Is college tuition going up to compensate for state cuts? Or do plentiful student loans encourage states to cut aid and colleges to raise tuitions?
Personal networks will replace corporate hierarchies and recruiters, so invest in friends and fans. Treat your relationships as long-term investments .
If we were to measure the real wealth of our society -- our health and well-being, the health of the natural world, our level of education, etc. -- we would see that inequality itself is reducing our nation's well being, and the power of big corporations is allowing the degradation of our communities and environment.
While a good college education is certainly one gift most parents want to bestow on their children, the financial responsibility shouldn't all fall on the parents' shoulders.
College and universities must adapt what they teach to how students have learned as they enter the classroom, blend technology with traditional pedagogy and differentiate their programs, teaching methods and clinical experiences to survive in a highly competitive market.
When most people think of gifting the younger people in their lives possible gift ideas that come to mind are the usual electronic or clothing items available, but while these items may fulfill are impulsive desires it's not what we really want.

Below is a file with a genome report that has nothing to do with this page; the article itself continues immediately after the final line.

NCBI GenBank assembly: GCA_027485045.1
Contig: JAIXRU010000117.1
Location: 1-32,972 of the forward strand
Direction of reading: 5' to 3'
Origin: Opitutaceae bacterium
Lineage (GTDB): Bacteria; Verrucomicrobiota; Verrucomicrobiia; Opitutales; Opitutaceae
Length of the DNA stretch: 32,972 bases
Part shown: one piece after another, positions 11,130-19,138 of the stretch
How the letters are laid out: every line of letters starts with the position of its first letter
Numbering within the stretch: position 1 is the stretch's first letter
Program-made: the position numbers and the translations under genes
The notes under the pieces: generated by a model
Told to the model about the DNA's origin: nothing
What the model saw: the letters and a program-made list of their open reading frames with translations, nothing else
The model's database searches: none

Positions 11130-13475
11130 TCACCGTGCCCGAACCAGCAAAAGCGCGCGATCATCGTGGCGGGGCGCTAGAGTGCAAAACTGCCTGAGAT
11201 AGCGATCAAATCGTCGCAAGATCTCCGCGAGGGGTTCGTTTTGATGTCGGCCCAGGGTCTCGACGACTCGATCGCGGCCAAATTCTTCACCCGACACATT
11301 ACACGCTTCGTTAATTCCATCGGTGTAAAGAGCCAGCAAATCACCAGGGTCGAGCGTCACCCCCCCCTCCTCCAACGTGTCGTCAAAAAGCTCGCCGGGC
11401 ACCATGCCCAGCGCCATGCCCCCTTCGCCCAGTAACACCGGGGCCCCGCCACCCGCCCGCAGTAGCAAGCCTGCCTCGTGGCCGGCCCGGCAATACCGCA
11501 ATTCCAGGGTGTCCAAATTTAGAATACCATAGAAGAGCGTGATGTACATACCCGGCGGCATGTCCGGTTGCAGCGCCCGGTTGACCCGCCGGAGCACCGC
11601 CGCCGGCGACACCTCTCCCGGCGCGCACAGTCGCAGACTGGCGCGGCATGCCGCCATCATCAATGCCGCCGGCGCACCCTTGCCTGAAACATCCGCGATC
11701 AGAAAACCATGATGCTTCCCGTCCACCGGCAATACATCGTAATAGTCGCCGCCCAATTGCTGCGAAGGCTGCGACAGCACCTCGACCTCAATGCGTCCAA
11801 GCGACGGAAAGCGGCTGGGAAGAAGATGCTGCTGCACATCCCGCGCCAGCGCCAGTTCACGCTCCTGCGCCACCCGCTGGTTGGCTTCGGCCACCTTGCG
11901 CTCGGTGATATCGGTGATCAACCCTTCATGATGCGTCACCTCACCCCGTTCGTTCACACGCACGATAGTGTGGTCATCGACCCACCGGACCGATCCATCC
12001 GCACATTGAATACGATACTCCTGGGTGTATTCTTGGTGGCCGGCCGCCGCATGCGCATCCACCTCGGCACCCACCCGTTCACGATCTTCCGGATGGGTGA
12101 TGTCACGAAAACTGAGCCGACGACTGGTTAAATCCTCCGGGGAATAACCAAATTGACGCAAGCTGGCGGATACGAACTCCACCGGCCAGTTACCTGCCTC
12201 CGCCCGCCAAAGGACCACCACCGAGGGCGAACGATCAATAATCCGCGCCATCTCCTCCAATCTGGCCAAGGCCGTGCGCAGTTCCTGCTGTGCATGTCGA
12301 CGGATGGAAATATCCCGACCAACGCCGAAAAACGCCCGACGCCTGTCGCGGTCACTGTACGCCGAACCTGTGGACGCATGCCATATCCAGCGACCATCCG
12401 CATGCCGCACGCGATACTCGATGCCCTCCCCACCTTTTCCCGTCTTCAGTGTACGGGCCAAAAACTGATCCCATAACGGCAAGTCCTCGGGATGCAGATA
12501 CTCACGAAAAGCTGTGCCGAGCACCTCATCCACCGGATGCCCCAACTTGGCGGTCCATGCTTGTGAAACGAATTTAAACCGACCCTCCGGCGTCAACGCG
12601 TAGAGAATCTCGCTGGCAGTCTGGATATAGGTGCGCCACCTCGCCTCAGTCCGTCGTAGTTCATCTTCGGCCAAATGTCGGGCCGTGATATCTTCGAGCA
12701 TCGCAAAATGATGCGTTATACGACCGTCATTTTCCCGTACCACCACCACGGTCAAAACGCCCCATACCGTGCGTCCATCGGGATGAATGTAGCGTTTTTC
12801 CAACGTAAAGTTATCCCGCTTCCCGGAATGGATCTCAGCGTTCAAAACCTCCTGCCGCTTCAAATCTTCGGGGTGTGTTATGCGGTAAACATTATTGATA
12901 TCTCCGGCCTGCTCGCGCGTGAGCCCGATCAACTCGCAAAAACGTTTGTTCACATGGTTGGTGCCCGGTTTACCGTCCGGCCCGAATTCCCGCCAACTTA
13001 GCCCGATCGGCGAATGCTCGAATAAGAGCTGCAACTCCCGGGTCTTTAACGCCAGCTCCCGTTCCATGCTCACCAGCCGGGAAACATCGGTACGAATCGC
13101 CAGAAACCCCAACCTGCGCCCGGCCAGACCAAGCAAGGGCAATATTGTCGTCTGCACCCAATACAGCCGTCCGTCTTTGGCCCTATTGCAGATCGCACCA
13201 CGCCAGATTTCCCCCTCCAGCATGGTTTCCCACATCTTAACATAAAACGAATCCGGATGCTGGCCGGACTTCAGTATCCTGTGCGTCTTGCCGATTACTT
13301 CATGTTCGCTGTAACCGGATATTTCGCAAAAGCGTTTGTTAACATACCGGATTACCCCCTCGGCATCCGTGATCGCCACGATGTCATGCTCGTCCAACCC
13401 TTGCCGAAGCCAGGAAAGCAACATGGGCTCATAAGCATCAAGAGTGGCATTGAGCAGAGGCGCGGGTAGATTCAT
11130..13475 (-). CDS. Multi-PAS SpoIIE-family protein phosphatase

How do you pay off student loans when you need to manage other debts, fund your retirement and save for the future cost of your children's education? It starts with knowledge and a plan.
As the song, "It Sucks to Be Me," from Avenue Q puts it, "four years of college and plenty of knowledge have earned me this useless degree. I can't pay the bills yet `cause I have no skills yet."
Should students be borrowing more, not less? It's a relevant question for minorities in particular, since they are hit harder by crushing loans. Students of color are more likely to take on more student loan debt and graduate with more debt as well.
With college tuition and debt at an all-time high, it is becoming harder and harder for even the most motivated of graduates to stomach making so little at otherwise respectable jobs.
As I scan today's landscape of challenges and opportunities for higher education, I find it helpful to think in a "3D" way as well, though the dimensions I focus on are: Demographics, Debt, and Digital Learning.
My real concern is with the plan's proposal to create a new college rating system and to tie student aid to it. I have no problem with my institution being rated or with a new rating system in general, but who will create this system? Higher education experts? Or politicians?
America cannot afford to return to the days when only the scions of the wealthiest could attend college. The nation is most prosperous when prosperity is most shared.
Amid legitimate concerns about cost and debt, we should be wary of alarmist rhetoric and headlines suggesting the average college graduate is jobless and staggering under massive loan obligations.
All across this nation, small publics are getting squeezed out of the mix, disappearing between rapidly growing research universities, small private colleges with healthy endowments, and for-profit institutions offering online programs in every conceivable field.
Each year, millions of American students rely on the federal student loan program to pursue higher education. For many families, without the ability to pay for their students' education over a longer term, college would simply be out of reach.